The Power of the Spirit Pentecost

May 15, 2016
The Rev Bill Anderson, Trinity Episcopal Church

Each of the scripture readings for today tells us something about the Holy Spirit, the spirit of God. Many years ago, when I was in my early thirties married, and a father with two young sons, I had an encounter with the Holy Spirit that completely changed the trajectory of my life. At that time, Jane and I had very busy schedules. I was carpooling to my full-time job in Washington. I was also teaching math classes at Prince George’s Community College two nights a week, and participating in weekend-drills one weekend a month with the Naval Reserve Unit to which I was assigned. On the other three weekends each month, I was busy caring for our sons while Jane was working at a residential care facility for developmentally delayed adults. Not surprisingly, I was beginning to question the meaning for life. Then one day, out of the blue, Jane received a card in the mail from a friend inviting us to attend an Episcopal retreat called Cursillo. Now I should tell you that I was not raised in the Episcopal Church. Yet, shortly after we were married, Jane and I did attend worship at an Episcopal church in San Diego. But just once. It was a high church.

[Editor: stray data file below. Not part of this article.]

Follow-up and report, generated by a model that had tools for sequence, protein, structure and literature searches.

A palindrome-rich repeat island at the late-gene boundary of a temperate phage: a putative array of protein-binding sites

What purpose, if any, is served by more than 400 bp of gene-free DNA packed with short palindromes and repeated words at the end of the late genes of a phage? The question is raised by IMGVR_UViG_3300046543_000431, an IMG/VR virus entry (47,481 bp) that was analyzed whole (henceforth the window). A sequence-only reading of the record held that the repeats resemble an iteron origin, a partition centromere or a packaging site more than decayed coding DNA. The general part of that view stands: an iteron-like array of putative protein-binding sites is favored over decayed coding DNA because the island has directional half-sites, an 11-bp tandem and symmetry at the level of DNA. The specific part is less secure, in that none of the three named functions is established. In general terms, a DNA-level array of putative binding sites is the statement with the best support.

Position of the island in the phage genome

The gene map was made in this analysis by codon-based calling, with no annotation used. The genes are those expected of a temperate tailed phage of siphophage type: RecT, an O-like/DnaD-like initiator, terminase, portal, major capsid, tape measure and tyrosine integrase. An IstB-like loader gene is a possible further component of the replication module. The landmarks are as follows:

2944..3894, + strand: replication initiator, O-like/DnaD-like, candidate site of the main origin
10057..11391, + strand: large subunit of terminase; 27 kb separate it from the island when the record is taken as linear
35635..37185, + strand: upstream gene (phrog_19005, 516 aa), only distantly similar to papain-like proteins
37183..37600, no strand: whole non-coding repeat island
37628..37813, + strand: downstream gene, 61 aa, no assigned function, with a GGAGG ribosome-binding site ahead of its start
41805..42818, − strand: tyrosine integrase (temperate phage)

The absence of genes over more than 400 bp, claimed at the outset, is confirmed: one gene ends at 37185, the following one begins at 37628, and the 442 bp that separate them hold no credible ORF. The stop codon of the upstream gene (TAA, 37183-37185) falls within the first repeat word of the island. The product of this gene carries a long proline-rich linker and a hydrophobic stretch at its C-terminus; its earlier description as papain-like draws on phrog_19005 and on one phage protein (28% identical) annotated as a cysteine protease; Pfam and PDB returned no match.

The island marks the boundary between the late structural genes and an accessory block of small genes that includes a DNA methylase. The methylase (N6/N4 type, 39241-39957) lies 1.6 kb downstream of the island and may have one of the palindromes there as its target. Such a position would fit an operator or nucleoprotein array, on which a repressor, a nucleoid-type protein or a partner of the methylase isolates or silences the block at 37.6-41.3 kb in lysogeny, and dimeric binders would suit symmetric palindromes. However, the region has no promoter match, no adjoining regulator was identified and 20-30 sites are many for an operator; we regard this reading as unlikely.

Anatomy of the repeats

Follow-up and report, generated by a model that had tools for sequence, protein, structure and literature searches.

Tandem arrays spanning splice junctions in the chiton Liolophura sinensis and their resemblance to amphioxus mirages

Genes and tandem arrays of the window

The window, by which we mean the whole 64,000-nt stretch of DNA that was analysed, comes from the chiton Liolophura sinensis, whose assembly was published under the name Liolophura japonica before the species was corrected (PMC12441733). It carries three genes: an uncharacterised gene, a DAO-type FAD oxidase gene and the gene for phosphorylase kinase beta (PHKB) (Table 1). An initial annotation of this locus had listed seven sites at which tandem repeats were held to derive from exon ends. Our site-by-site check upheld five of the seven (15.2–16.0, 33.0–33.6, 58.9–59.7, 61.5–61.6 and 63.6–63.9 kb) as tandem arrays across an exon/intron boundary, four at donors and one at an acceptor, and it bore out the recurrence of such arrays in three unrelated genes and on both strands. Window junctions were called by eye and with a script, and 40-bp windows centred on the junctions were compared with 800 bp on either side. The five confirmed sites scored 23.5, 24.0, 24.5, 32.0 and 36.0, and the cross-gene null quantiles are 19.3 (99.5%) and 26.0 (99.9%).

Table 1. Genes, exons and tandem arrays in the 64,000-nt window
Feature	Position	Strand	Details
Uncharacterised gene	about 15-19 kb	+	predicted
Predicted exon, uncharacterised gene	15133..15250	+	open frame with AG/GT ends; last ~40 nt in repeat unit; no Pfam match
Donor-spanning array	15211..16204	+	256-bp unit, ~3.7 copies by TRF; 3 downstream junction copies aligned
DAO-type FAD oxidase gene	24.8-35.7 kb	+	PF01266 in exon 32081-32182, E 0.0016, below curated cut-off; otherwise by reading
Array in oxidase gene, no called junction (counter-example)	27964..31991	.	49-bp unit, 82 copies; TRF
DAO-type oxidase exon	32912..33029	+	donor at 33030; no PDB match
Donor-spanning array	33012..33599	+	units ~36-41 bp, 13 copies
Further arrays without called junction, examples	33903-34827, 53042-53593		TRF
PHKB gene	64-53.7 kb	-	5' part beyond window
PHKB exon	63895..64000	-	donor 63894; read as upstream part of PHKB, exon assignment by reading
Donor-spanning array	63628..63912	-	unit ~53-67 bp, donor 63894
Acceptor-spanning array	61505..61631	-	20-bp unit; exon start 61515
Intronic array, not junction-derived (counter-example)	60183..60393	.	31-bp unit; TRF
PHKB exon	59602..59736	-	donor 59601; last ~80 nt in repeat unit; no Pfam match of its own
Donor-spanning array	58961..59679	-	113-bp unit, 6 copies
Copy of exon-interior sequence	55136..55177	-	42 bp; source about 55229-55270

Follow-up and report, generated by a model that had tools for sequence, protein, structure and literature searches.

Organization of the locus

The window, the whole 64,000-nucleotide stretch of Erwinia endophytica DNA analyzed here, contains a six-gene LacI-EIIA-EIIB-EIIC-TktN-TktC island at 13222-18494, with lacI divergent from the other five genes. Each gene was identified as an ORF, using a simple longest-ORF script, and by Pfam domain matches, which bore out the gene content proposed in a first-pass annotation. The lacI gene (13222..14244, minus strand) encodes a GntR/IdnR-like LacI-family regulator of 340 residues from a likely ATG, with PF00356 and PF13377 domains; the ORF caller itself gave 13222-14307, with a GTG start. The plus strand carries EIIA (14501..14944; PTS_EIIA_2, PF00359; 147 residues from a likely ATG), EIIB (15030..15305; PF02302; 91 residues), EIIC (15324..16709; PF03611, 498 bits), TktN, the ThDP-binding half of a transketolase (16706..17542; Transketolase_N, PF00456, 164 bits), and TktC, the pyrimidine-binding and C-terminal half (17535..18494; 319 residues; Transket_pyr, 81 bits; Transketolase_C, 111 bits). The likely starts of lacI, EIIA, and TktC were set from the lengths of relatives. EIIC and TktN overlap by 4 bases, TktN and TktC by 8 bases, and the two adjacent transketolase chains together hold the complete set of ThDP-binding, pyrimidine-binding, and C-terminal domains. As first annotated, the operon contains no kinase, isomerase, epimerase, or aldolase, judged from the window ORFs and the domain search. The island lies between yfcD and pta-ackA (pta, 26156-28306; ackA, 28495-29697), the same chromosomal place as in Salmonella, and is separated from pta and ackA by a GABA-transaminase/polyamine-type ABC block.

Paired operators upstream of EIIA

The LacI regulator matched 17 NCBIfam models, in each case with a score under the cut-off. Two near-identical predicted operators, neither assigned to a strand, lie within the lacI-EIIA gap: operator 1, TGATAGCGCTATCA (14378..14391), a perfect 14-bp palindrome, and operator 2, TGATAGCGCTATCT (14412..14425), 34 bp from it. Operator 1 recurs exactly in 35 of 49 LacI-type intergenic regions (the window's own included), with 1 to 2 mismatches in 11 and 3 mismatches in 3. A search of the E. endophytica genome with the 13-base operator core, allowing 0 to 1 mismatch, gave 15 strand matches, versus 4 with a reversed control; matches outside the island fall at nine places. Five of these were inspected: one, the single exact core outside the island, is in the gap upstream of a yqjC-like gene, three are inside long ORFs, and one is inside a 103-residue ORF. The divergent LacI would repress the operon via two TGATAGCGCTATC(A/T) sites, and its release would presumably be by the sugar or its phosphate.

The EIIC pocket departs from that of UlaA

That didn’t set too well with me. But for some reason, possibly because I was seeking meaning for my life, I agreed to go on the Cursillo weekend. During those three days, the Holy Spirit moved so powerfully that over the succeeding days, and weeks, and months, and years, I gradually found the purpose and meaning for my life. I discovered what God’s spirit was calling me to be and to do. That weekend retreat was the beginning of changes in my life that brought me to this point where I am now standing here before you today. In today’s scripture readings, it has been weeks since the tomb, where the body of Jesus was laid, was found empty. Now his disciples have come together again. The risen Lord had appeared to a number of them a few days after his crucifixion, but they hadn’t quite sorted it all out. Still, they have all come together to celebrate the Feast of Weeks a sacred Jewish festival that was celebrated in Jerusalem, fifty days after Passover each year. It was an event that all able-bodied Jewish men were expected to attend. Many people had come long distances for the celebration. The holy city was bustling. Those who came to the feast from Greek-speaking areas called it Pentecost. So thousands, maybe tens of thousands, of people were in Jerusalem for the same purpose to offer thanks to God for the bounty of the harvest. It was the day when all faithful Jews presented the “first-fruits” of the wheat harvest to God. Jesus’ disciples were there to celebrate the feast also. They had all gathered together in one place. They were there because Jesus had told them to wait. But they were confused and perplexed. They didn’t understand what they were waiting for. What was this Holy Spirit that Jesus had promised. Nevertheless, they were there, praying and waiting. Waiting and praying. The next move was up to God. Suddenly, there was a roaring wind that blew into the building through the open windows. They didn’t know it, but it was the breath of God the Holy Spirit that filled the building where they were waiting and praying. They felt the force of the wind, but soon, they saw its power, also. They saw a flame that divided so that each one of them could manifest a particular tongue of fire. God, the Holy Spirit, possessed them. They began to speak fluently in languages they did not know. The roaring wind brought onlookers to the scene, pilgrims who were attending the feast from the many lands to which Jewish people were scattered and where they made their homes. In today’s first reading, from the Book of the Acts of the Apostles, Luke identifies the origins of many of the people who were present: they were Parthians, Medes, Elamites. They were residents of Mesopotamia, Judea, and Cappadocia, Pontus and Asia, Phrygia and Pamphylia, Egypt and parts of Libya. They were Romans, Cretans, and Arabs. All those present heard and recognized the languages of the lands from which they had come. However, they were astonished that the words were pouring from the lips of individuals who had scarcely ever been out of Galilee and Judea! The disciples’ surrender was so complete that they, too, spoke in languages none of them had learned. Yet they were understood. All of the people heard and recognized the speech of the region from which they had come; and they heard God’s wondrous works being proclaimed. But the scriptures tell us that it didn’t end with the Day of Pentecost. Today’s reading from the book of Acts went only through the 21st verse of chapter 2. If we were to read further, we would read about the Apostle Peter preaching a stirring sermon to a great crowd of people that day. He concluded his sermon by telling the people in the crowd that they had crucified the messiah the one whom God had sent the one for whom they had waited so long. The people were “cut to the heart” and asked Peter and the other apostles, “Brothers, what should we do?” Peter said: “Repent, and be baptized every one of you in the name of Jesus Christ so that your sins may be forgiven; and you will receive the gift of the Holy Spirit” (Acts 2:38) Peter told them to do two things repent and be baptized so they would receive two blessings the forgiveness of sins and the gift of the Holy Spirit. And then he continued: “For the promise is for you, for your children, and for all who are far away, everyone whom the Lord our God calls to him” (Acts 2:39). That’s an important verse. It says that the promise is “for all who are far away.” Do you know who that is? hat is us. Peter was telling those people in Jerusalem that the promise wasn’t just for them and their children. It is also for people like us who live far from Jerusalem. It is for people like us who live centuries after that first Pentecost. The promise is that if we do two things repent and be baptized then we will receive forgiveness of sins and the gift of the Holy Spirit. So each and every one of us received God’s Spirit, the Holy Spirit, at our baptism. But let me get back to the phrase, “filled with the Holy Spirit.” The book of Acts says that Jesus’ disciples “were filled with the Holy Spirit” on that first Pentecost (2:4). There were people from many nations there people who spoke many different languages. So the Spirit gave the disciples the ability to speak in all of those languages so that all of the people could hear the Gospel preached in their own language. Some of the listeners were amazed and receptive, but others said, “They are filled with new wine” in other words, drunk. But new wine is wine that has not yet fermented, so they were really saying, “They are filled with grape juice. They have gotten drunk on grape juice.” There are always people like that, aren’t there. Unbelievers! People who wouldn’t believe no matter what! But these disciples weren’t filled with new wine. They were filled with the Holy Spirit the Spirit of God. And we, too, are filled with the Holy Spirit. Each of us received the gift of the Holy Spirit at our baptism. And that makes a difference! In his letter to the church at Galatia, Paul listed what he called “the fruit of the Spirit.” Actually, he listed nine fruits of the spirit (Galatians 5:22- 23): Love Joy Peace Patience Kindness Generosity Faithfulness Gentleness and Self-control. When I look around at the people in this congregation, I see those virtues. I see lots of love and joy and peace and patience and kindness and generosity and faithfulness and gentleness and self-control. So you might ask yourself how you measure up on those nine virtues. Are you a loving person a joyful person a peaceful person a patient person a kind person a generous person a faithful person a gentle person? Are you self- controlled? You might ask your husband or your wife (or your mother or your dad) how you measure up on those virtues. One way to approach that would be to say, “I am trying to write a brief description of myself and I would like your feedback. What I have written so far reads like this: ‘I am loving, joyful, peaceful, patient, kind, generous, faithful, gentle, and self-controlled.’ Have I gotten that about right?” Your husband or wife might suggest that you add one more virtue to your list humility! But when I think about people whom I have known in this and other churches, I must admit that there are times when some of those nine virtues don’t seem to apply. In fact, if I were to be brutally honest, I would have to admit that I, too, have occasionally failed to be loving, joyful, and all the rest.Maybe more than occasionally! So what’s going on? If we are filled with the Spirit God’s Spirit and if that is supposed to make us loving, joyful, and all the rest why aren’t we always like that? When I was thinking about this, I remembered something that a science teacher showed my classmates and me when I was in high school. That was a long time ago, but I think that the basic science still applies. The teacher took a jar and filled it to the brim with marbles. He then asked if the jar was full. We all agreed that it was full. He then took some sand and poured the sand into the jar and shook it a bit and poured some more sand into it and repeated that until the jar was filled to the brim with marbles and sand. Again, he asked if we thought the jar was full. All of us students thought it was, but we weren’t eager to commit ourselves after being wrong the first time. So then the teacher got a beaker of water (science teachers never have pitchers they always have beakers) and he showed us that the beaker was full. He then poured water from the beaker into the jar until the jar was full to the brim of marbles, sand, and water. Then he showed us the beaker. It was practically empty. There had been enough space in that full jar for the whole beaker of water. And then our teacher told us that, if we could see a molecule of water, we would find that it is mostly empty space like the universe. A molecule has protons and neutrons and electrons and a few other things, but mostly the molecule is empty space just like the universe is mostly empty space. So that jar, which looked so absolutely full, wasn’t really full at all. If you really think about it, the jar was mostly empty even after it had been filled three times. That little science lesson has been helpful to me when I have seen Christians, who are supposedly filled with the Spirit of God, being spiteful or stingy or hateful. When that happens, I just remind myself of that jar of marbles and sand and water and I think, “Well, I guess the Holy Spirit hasn’t yet penetrated all the way to that person’s fingertips! I guess there is still a bit of space in there waiting to be filled!” I mentioned earlier that Paul listed nine virtues that he called fruits of the Spirit love, joy, peace, patience, and all the rest. It helps me to remember that a fruit tree doesn’t bear much fruit the first year or the second year and maybe not the third year either. It takes time for a tree to mature so that it can be productive. I think that it takes us time, too, to become really fruitful Christians full of love and joy and peace and patience and all the rest. I think that it takes a lifetime of walking with God. The book of Genesis tells us that we were created in the image of God. The book of Acts tells us that we have been filled with the Spirit of God. Our experience tells us that we aren’t perfect on either count. We neither look nor act like Godly people on every occasion. But let us thank God that he thinks so highly of us that he calls us his children. And let us pray for grace to become more and more like the people God created us to be. Amen.